Blog Post 8

\(1\) \(\underline{\text{Parity}}\)

Parity, in terms of mathematics, describes the classification of an integer as either even or odd. An even number is defined as an integer that is divisible by \(2\) while an odd number is one that is not. A more formal definition states that an even number is an integer \(n\) of the form \(n=2k\) where \(k\) is an integer. On the other hand, an odd number is an integer of the form \(n=2k+1\). In set notation we see:

\[\text{Even} \hspace{0.5mm} = \hspace{0.5mm} {2k : k \in \mathbb{Z}}\]

\[\text{Odd} \hspace{0.5mm} = \hspace{0.5mm} {2k+1 : k \in \mathbb{Z}}\]

In number theory, the idea of parity allows us to solve some mathematical problems simply by making note of odd and even numbers. In the same way, the impossibility of some mathematical constructions can be proven. For example, consider the following question:

\(\hspace{1cm}\) Is it possible to fill in the blanks below with \(+\) and \(-\) signs to create a total of \(20\)?

\(\hspace{1cm}\) \(1 \)_\( 2 \)_\( 3 \)_\( 4 \)_\( 5 \)_\( 6 \)_\( 7 \)_\( 8 \)_\( 9\)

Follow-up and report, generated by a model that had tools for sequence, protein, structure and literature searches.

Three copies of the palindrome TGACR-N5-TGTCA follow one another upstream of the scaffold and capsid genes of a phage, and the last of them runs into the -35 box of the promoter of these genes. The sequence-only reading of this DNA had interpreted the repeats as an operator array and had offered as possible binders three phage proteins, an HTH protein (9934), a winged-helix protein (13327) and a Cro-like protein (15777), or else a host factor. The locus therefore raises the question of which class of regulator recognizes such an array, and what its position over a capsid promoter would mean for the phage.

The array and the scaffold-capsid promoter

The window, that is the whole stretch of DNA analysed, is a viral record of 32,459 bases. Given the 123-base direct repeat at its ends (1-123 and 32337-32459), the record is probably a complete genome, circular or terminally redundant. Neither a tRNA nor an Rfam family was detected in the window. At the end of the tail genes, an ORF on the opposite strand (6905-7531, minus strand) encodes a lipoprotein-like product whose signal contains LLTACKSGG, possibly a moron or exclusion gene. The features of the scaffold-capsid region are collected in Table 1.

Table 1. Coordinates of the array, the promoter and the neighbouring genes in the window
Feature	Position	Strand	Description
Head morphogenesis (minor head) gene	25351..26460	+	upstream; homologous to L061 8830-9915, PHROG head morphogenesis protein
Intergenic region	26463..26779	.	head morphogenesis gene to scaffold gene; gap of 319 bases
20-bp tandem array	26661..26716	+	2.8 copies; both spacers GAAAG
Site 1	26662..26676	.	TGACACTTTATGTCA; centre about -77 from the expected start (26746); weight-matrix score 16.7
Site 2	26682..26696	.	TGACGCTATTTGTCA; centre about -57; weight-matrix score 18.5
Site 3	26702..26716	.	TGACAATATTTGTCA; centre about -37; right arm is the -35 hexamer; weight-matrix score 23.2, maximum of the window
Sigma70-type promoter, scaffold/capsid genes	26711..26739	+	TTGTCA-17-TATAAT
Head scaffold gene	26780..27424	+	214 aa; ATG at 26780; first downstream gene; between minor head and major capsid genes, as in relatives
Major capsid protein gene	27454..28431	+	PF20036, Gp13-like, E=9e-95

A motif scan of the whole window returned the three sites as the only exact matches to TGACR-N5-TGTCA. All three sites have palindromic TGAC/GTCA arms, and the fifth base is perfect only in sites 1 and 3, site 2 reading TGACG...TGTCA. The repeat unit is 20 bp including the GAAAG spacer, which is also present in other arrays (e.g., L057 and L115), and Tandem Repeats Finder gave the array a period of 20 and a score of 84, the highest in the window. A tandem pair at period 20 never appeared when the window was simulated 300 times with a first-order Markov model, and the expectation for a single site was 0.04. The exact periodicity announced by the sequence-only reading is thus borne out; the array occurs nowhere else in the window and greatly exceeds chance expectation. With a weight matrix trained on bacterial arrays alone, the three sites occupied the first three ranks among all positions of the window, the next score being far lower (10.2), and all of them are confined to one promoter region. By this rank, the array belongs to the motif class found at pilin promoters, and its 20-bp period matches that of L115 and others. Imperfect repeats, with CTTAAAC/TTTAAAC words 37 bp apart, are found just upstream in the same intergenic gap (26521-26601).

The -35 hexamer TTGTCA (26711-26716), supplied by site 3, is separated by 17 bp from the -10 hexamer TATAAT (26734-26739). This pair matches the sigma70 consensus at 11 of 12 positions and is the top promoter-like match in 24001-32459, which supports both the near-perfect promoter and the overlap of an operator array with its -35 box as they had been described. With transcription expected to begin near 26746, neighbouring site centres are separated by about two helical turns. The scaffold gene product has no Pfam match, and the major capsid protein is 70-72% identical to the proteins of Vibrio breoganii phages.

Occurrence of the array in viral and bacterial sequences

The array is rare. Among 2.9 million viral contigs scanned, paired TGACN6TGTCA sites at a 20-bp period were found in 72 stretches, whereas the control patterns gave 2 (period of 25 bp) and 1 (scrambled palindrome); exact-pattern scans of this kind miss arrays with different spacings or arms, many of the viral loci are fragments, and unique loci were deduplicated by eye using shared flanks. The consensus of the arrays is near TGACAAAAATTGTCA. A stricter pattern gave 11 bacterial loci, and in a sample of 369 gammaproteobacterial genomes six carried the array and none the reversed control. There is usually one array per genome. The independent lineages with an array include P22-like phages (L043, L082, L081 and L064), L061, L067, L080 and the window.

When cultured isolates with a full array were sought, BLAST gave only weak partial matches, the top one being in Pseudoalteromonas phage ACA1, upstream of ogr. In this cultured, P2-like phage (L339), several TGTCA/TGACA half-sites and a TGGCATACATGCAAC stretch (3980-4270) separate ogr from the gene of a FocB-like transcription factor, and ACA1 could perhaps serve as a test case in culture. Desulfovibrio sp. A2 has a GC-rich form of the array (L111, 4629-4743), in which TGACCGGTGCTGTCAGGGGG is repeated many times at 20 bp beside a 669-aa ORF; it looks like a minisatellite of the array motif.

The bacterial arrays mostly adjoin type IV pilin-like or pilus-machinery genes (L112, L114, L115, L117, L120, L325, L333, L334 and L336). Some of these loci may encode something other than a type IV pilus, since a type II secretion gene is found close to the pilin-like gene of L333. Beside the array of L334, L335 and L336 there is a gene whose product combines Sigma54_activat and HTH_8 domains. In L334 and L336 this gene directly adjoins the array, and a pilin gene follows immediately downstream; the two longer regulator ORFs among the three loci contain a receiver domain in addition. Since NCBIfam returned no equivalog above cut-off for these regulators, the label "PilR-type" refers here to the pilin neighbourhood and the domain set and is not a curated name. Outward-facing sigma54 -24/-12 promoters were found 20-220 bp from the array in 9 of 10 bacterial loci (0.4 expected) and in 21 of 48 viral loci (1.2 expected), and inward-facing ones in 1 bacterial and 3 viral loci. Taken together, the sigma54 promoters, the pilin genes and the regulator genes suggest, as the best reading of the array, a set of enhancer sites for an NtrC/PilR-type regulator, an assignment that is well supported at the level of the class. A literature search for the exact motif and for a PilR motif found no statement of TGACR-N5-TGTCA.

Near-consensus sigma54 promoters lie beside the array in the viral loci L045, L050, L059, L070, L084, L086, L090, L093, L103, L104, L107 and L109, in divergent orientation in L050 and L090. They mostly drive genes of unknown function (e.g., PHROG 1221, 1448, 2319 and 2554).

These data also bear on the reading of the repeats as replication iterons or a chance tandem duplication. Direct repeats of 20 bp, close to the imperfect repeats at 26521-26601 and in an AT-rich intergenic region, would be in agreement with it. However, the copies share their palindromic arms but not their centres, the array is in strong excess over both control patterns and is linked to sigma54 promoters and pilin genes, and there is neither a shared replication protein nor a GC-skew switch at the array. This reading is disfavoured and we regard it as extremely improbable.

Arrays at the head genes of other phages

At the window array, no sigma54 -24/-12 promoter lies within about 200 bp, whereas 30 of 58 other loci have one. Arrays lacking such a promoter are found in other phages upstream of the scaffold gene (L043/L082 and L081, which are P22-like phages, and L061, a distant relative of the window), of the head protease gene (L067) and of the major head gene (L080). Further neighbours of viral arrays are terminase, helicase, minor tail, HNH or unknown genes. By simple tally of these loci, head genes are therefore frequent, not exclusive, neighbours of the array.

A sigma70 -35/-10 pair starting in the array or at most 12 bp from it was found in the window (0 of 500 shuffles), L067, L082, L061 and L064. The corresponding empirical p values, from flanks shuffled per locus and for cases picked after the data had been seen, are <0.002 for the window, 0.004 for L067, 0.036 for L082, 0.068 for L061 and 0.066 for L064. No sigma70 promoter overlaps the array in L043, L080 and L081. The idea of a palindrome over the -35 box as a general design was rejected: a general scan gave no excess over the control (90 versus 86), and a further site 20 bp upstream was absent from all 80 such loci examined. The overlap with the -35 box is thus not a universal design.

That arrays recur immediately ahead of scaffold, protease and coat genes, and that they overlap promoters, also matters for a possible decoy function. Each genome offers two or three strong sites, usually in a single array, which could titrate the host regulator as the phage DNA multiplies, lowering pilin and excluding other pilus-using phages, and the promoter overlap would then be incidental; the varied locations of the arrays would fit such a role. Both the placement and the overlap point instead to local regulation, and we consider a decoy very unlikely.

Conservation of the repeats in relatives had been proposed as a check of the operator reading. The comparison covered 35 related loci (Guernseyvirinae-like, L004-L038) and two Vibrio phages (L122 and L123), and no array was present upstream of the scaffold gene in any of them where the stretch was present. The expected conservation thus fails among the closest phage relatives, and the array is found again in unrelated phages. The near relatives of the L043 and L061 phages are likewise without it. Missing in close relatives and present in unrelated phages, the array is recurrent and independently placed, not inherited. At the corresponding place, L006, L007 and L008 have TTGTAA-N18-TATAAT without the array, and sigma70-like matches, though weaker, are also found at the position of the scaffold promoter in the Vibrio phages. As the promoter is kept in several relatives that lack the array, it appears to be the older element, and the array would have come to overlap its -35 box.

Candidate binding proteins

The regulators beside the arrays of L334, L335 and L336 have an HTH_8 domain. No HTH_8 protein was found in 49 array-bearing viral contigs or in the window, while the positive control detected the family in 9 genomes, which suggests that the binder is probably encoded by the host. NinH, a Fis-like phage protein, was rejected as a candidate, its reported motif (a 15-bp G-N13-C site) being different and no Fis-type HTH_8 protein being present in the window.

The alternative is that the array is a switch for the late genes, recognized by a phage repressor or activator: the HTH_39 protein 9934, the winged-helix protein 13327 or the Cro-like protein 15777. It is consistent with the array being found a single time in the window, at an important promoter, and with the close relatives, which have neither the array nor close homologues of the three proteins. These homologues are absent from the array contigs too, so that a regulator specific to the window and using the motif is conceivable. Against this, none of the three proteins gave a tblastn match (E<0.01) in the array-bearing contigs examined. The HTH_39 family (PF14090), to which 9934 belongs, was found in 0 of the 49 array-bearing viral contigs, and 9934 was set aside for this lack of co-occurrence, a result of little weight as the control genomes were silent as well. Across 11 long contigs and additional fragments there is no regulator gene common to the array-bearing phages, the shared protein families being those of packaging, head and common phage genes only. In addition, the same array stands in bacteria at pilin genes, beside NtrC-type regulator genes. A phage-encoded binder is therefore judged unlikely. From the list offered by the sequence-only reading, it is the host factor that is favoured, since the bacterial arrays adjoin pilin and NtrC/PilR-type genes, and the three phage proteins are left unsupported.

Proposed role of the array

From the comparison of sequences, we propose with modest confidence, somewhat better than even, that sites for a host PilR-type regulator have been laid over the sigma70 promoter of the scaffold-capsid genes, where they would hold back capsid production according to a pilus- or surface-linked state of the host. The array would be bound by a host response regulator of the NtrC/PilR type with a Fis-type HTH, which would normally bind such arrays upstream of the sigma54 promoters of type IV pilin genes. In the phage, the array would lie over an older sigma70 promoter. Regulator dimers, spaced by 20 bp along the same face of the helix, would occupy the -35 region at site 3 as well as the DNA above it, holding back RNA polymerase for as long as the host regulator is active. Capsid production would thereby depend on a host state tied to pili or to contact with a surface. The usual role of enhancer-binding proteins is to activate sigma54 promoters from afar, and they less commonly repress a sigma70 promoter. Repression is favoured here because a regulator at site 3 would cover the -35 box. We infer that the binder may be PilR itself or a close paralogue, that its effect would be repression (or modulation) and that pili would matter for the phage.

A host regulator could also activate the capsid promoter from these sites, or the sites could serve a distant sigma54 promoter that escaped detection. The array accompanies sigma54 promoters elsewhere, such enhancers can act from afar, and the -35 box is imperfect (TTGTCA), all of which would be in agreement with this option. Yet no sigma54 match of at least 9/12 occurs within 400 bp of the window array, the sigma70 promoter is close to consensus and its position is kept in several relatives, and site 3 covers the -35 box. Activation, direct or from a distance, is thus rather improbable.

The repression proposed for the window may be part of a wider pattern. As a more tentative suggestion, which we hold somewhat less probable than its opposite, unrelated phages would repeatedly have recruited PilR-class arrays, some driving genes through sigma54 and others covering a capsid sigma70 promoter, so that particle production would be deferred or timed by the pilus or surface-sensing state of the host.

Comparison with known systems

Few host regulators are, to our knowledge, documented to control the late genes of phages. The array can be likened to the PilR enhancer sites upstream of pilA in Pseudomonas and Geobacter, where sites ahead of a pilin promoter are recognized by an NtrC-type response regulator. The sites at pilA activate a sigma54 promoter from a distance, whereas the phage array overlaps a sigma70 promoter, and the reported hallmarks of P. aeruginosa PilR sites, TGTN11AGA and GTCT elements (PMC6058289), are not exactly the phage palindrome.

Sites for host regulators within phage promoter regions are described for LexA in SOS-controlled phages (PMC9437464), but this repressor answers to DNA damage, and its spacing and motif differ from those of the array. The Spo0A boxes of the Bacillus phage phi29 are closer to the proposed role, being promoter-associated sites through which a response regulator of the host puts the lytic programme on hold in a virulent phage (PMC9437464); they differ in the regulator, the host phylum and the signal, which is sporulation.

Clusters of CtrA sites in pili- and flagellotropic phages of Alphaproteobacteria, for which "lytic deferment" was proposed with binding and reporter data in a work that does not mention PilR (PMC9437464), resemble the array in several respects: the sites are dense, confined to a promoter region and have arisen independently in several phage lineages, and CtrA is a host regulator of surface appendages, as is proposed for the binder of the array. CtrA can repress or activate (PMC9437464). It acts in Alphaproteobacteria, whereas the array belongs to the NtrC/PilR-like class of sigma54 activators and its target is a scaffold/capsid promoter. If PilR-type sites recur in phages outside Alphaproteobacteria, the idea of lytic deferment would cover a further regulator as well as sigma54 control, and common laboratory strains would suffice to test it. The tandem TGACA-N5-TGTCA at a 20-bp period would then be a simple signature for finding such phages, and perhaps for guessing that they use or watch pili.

In this case, we find that such a construction is not possible. Here, we have \(5\) odd numbers and therefore the total must be odd. Since \(20\) is even, this proves it cannot be done.

This example makes reference to some properties of the parity of numbers that should be noted. In particular, notice that:

\(\underline{Addition}\) \(\hspace{7.5cm}\) \(\underline{Multiplication:}\)

  • even \(\pm\) even \( =\) even \(\hspace{5cm}\) even \(\cdot\) even \(=\) even

  • even \(\pm\) odd \(=\) odd \(\hspace{5.4cm}\) even \(\cdot\) odd \(=\) even

  • odd \(\pm\) odd \(=\) even \(\hspace{5.5cm}\) odd \(\cdot\) odd \(=\) odd

Parity is manifested within the game of chess in multiple ways. Considering a chess board, the parity can be indicated by the color of the square. Thus, say dark squares are odd and light squares are even. According to the rules of chess, the bishop, for example, can only move diagonally. In a sense, it is moving one over, one up/down (and vice versa). Therefore, it is moving two spaces, or an even amount of spaces. Parity principles tell us, then, that if the bishop started on an even (light) square, it can only ever move onto other even squares. The same is true for an odd (dark) square.

This same idea is critical in solving the mutilated chess board problem which states: “Suppose a standard 8x8 chessboard has two diagonally opposite corners removed, leaving 62 squares. Is it possible to place 31 dominoes of size 2x1 so as to cover all of these squares?”

It has been proven that because each domino covers one square of each parity and there are two more squares of one parity than of the other, it is not possible to cover all the squares.